8*8. XL APRIL 25, 1903.] NOTES AND QUERIES.
his treatment of the text of Burton. The following are some further errors contained in the same editor's notes.
Vol. i. (A. R. S.), p. 93, 1. 3 (' Democritus to the Reader'), "Experto crede (saith Saris- buriensis) in manus eorum millies incidi, & Charon immitis, qui nulli pepercit unquam, his longe clementior est." To Sarisburiensis the auchor has the marginal note "Polycrat. lib.," to which Shilleto adds I. Prologue." The two words experto crede are to be found, it is true, in the prologue to the ' Poly- craticus,' but the passage which Burton quotes here is taken, with slight verbal alter- ations, from book v. chap, x., "Experto crede, in manus eorum millies incidi, <fe ut aliquid de fabulis mutuemur, portitorimmitis Charon, qui nemini pepercit unquam, istis longe clementior est." The words nisi eum prce- mulseris, which Burton quotes a couple of lines earlier, and to which Shilleto appends no reference, are taken from the same chapter of the 'Polycraticus.'
Vol. i. p. 156, n. 4 ('Democritus to the Reader'), Shilleto gives the source of quos Jupiter perdit, dementat, as " a Fragment in Euripides." This requires correction. The author of the two Greek verses concisely rendered by " Quern Juppiter vult perdere dementat prius" is unknown. See Georg Buchmann, ' Gefliigelte Worte' (twentieth edition), pp. 366, 367, and the note and appendix to 1. 622 of Sophocles's ' Antigone ' in Prof. Jebb's edition. Dr. Jebb, it may be noticed, gives Duport's 'Gnomologia Homerica ; (1660) as the earliest book known to him that contains this Latin line. Did not Burton see or hear it several years earlier?
Vol. i. p. 326, n. 6 (Part. i. sect. ii. mem. iii. subs, xi.), "or come down with Sejanus ad Gemonias Scalas " (of. vol. iii. p. 32, 11. 18, 19 ; Part. III. sect. i. mem. ii., " as so many Sejani, they will come down to the Gemonian scales "). Shilleto is wrong in stating that the Scalce Gemonice " were steps at Rome on the Aven- tine Hill leading to the Tiber." They were at the foot of the Capitol leading from the Career to the Forum Romanum. See Mid- dleton, 'Remains of Ancient Rome,' vol. i. p. 154; OttoRichter, 'Topographie der Stadt Rorn ? (Miinchen, 1901), pp. 81 and 119, &c.
Vol. i. p. 365, n. 8 (Part. I. sect. ii. mem. iii. subs, xv.), Shilleto says that " De male quse- sitis vix gaudet tertius hseres " is quoted by Rabelais, 'Pantagruel,' book iii. ch. ii. Rabe- lais does not quote the Latin ; what he says in the first chapter of book iii. of ' Panta- gruel ' is " Car vous dictez en proverbe com- mun : des choses mal acquises tiers hoir ne jouira." Mr. W. F. Smith in his note on this
passage in Rabelais cites the Latin line and refers to Burton, but neither he nor Shilleto mentions its occurrence in Walsingham (see ' N. & Q.,' 9 th S. vii. 74, 75).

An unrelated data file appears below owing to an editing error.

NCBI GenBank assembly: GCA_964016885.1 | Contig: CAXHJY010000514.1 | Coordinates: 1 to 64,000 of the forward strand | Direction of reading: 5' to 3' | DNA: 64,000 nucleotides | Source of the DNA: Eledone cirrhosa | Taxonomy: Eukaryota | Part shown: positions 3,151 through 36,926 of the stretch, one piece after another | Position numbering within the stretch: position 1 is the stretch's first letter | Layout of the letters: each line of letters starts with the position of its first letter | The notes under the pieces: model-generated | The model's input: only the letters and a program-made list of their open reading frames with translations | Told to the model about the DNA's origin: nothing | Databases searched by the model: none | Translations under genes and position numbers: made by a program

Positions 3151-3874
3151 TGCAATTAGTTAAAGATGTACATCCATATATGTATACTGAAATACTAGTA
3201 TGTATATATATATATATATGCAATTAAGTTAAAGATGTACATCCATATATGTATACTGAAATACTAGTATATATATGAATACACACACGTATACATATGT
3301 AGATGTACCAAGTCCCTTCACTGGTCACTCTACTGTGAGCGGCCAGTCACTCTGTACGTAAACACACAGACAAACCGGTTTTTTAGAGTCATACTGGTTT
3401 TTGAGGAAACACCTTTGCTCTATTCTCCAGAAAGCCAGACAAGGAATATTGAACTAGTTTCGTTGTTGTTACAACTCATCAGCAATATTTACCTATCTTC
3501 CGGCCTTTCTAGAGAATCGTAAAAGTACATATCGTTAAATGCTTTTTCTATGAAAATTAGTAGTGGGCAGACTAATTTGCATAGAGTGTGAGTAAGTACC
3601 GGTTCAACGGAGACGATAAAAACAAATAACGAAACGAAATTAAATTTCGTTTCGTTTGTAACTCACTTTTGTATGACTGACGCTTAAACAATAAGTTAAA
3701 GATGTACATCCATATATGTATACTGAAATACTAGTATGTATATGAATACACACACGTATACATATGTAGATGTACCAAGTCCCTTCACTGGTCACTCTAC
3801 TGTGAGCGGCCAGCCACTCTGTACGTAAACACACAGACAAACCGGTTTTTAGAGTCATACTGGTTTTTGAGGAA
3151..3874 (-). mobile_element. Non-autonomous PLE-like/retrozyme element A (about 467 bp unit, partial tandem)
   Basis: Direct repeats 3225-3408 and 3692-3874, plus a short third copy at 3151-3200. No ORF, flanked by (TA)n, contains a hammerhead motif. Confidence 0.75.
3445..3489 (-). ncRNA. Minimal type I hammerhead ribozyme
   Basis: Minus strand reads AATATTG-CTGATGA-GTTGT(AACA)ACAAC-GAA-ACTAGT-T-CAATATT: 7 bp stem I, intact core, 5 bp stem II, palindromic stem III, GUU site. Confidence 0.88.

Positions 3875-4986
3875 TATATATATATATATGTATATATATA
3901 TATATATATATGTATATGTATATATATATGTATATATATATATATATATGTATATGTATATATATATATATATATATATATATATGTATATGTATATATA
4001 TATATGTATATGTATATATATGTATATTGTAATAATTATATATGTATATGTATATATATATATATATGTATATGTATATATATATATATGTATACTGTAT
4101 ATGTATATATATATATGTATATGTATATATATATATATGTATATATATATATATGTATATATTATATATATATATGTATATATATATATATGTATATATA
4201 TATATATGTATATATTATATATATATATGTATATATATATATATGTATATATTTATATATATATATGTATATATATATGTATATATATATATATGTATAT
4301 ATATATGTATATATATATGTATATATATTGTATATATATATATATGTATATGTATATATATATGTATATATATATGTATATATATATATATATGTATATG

Vol. ii. p. 135, 11. 17, 18 (Part. II. sect. ii. mem. vi. subs, iii.), "Homer brings in Phemius playing, and the Muses singing, at the Ban- quet of the Gods." Burton s marginal note to Homer is ' Iliad,' I. Shilleto remarks that Burton is wrong, and substitutes ' Odyssey ' for * Iliad,' adding the number of the line, 154, in which Phemius is said to have sung among the suitors. But it is in the first ' Iliad ' (1. 604J that the muses sing at the banquet of the gods.
Vol. ii. p. 136, 1. 2 from bottom (Part. II. sect. ii. mem. vi. subs, iv.), Mercury's golden wand in Homer, that made some wake, others sleep." Shilleto's note to this is " See Homeric Hymns, Mercurio Hymnus." Hermes' golden wand is mentioned in this hymn (11. 529-30), but not so its power of making some wake and others sleep. The passage to which a reference should be given is 'Odyssey,' xxiv. 11. 2-4 (cf. 'Od.,' v. 47-8,and 'Iliad,' xxiv. 343-4, although in these two places the wand is not described as golden). EDWAKD BENSLY.
The University, Adelaide, S. Australia. (To be continued.)
SHAKESPEARIANA. ' KING LEAR,' II. iv. 56 (9 th S. xi. 162).
0, how this mother swells up toward my heart !
Hysterica passio, down, thou climbing sorrow,
Thy element 's below.
MR. WILMSHURST'S suggested reading of "smother" for "mother" is not needed, and does not better the text. " Mother " formerly meant the womb, as its Teutonic cognates still do, and also an affection which, from its supposed connexion with that organ (vo-re/Da), was called hysterica passio, a prominent symp- tom thereof being a sensation as of choking or of a ball rising in the throat (globus kyste- ricus). The womb was imagined to ascend, like the lungs in another ailment vulgarly termed the "rising of the lights,"* as is evidenced by the Dutch designation of the malady, "opstijging der moeder," literally uprising or ascent of the mother, i.e., of the womb (see ' Kilianus Auctus,' 1642, and Hex- ham, 1658; compare, too, Sewel, 1708). Hence Lear's apostrophe :
Hysterica passio, down, thou climbing sorrow, wherein the identity of "hysterica passio" with "mother" in the preceding line is as obvious as it is in this scrap from Coles's
- And the heart ; see 1. 122 in same scene.